At times, you may hear about various groups and individuals who argue that the federal government and Internal Revenue Service (IRS) do not have the right to require those in the United States to pay federal income tax or to use approaches such as tax liens to collect those taxes. They believe the Sixteenth Amendment does not give the federal government the power to levy tax. What are the various reasons that some people believe federal income tax is illegal? And do any of these arguments have validity?
Following is the first in a series of articles dedicated to explaining the various arguments against the payment of federal income tax and whether these arguments have any merit.
Establishment of Federal Income Tax System
The Sixteenth Amendment to the United States Constitution established the right of the federal government to levy a federal income tax. The Sixteenth Amendment reads as follows:
The Congress shall have power to lay and collect taxes on incomes, from whatever source derived, without apportionment among the several States, and without regard to any census or enumeration.
The Sixteenth Amendment went into effect on February 3, 1913.
First Argument Against: Voluntary Nature
Even with the Internal Revenue Code created based on the authority of the Sixteenth Amendment, their are many who do not believe the authority is valid. The arguments against the legality of federal income tax fall into five broad categories. The first of these categories relates to the “voluntary” nature of the federal income tax system.
Filing a federal income tax return is voluntary.
This argument claims that the filing of a federal income tax return is voluntary. The IRS uses the word “voluntary” in the instructions of Form 1040.
However, various court cases have ruled that the word “voluntary” in context of filing a federal income tax return simply means that the individual taxpayer has the right to determine the amount of tax that he owes and to file a federal income tax return for that amount. The alternative would be for the IRS to simply dictate to every taxpayer the amount of tax they owe.
Paying federal income tax is voluntary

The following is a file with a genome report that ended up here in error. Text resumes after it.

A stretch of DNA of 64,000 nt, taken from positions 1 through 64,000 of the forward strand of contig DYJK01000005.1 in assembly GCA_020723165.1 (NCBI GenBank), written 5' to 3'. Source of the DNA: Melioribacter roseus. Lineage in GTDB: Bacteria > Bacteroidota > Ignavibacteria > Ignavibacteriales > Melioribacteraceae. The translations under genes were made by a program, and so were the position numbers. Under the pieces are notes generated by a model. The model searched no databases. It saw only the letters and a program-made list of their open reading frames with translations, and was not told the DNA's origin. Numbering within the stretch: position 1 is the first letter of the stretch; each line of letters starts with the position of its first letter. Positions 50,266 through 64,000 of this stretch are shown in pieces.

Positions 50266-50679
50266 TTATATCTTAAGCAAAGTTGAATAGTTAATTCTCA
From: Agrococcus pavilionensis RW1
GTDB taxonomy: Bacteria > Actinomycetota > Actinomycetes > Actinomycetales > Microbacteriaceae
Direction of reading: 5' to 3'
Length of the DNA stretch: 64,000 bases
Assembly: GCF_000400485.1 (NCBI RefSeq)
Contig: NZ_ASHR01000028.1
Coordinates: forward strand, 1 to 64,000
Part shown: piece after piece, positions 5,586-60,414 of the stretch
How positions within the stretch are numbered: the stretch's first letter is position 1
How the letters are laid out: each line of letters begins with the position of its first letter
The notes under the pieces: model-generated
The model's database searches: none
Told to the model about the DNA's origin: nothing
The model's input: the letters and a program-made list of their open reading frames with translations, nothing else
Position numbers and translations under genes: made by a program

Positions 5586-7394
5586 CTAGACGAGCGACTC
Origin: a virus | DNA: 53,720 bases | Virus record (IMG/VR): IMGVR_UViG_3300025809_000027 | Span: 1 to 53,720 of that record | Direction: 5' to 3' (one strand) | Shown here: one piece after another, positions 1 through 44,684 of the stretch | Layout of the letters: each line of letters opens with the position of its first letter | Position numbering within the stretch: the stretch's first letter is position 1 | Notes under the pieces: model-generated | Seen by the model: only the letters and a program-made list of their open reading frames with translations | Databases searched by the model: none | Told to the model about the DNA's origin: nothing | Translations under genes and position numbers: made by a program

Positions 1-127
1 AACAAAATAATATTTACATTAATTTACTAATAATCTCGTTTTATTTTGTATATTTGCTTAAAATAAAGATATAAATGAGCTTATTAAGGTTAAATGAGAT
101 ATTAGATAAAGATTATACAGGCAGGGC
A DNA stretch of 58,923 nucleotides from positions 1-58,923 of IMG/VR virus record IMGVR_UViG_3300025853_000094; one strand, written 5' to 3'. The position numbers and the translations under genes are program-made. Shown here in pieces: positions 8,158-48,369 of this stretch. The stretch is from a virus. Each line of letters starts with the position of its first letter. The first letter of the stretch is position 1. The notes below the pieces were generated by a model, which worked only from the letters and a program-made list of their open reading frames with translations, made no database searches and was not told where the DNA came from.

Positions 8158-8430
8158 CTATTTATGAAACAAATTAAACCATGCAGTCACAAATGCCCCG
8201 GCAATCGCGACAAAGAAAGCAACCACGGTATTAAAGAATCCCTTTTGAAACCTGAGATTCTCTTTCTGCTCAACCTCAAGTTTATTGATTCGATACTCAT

This argument states that the payment of federal income tax is voluntary. As the federal income tax system is voluntary in nature, then the payment of federal income tax is voluntary, as there is no law that specifically requires that people pay federal income tax.
But contrary to this argument, various sections of the Internal Revenue Code clearly state that the payment of taxes is not voluntary but rather is required. And the Internal Revenue Code has the power of law to enforce the payment.
A “zero return” reduces tax liability
Another approach to not paying federal income tax is to file a tax return reporting no income and requesting refund of any taxes withheld by their employer, even though the taxpayer does have income defined as taxable per the Internal Revenue Code.
However, the Internal Revenue Code defines what constitutes income and courts have supported that filing a tax return reporting no income is not a legal method for avoiding federal income tax. Taxpayers who file such returns that are considered frivolous are also subject to penalties and interest on the unpaid tax liability.
The IRS is responsible for preparing returns for taxpayers who do not
Some believe the wording of the Internal Revenue Code creates an obligation for the IRS to file a tax return for anyone who does not file a return. Therefore, anyone who does not file a return is not subject to penalties and interest.
However, the wording in the Internal Revenue Code merely allows the IRS to prepare a federal income tax return for someone who does not prepare one; it does not free taxpayers from filing a federal income tax return themselves or clear them of penalties and interest in the event they do not file a federal income tax return.
Responding to an IRS administrative summons is voluntary
This argument puts forth that the IRS does not have the authority to summon a taxpayer in the event they do not file a federal income tax return. Therefore, the taxpayer can ignore such a summons.
However, the IRS is authorized by statute to use a summons to call witnesses or obtain documentation related to the filing and payment of federal income tax. Courts have supported the use of an administrative summons by the IRS.
Tax Attorney Information
If you are behind on paying your federal income tax or need help in resolving a federal tax issue related to any matter, you should seek the help of a tax attorney.
- Charitable Contributions and Federal Income Tax, Part 2 (taxlawhome.com)
- Charitable Contributions and Federal Income Tax, Part 1 (taxlawhome.com)
- Federal income tax return penalties and what to do next (taxlawhome.com)
- Itemized Deductions versus Tax Credits (taxlawhome.com)
- Federal income tax significant events, Part 10 – Death (taxlawhome.com)
Mark has been a contributor to legal web sites related to bankruptcy, tax, and criminal law since 2011. He has an Accounting degree from Texas A&M University.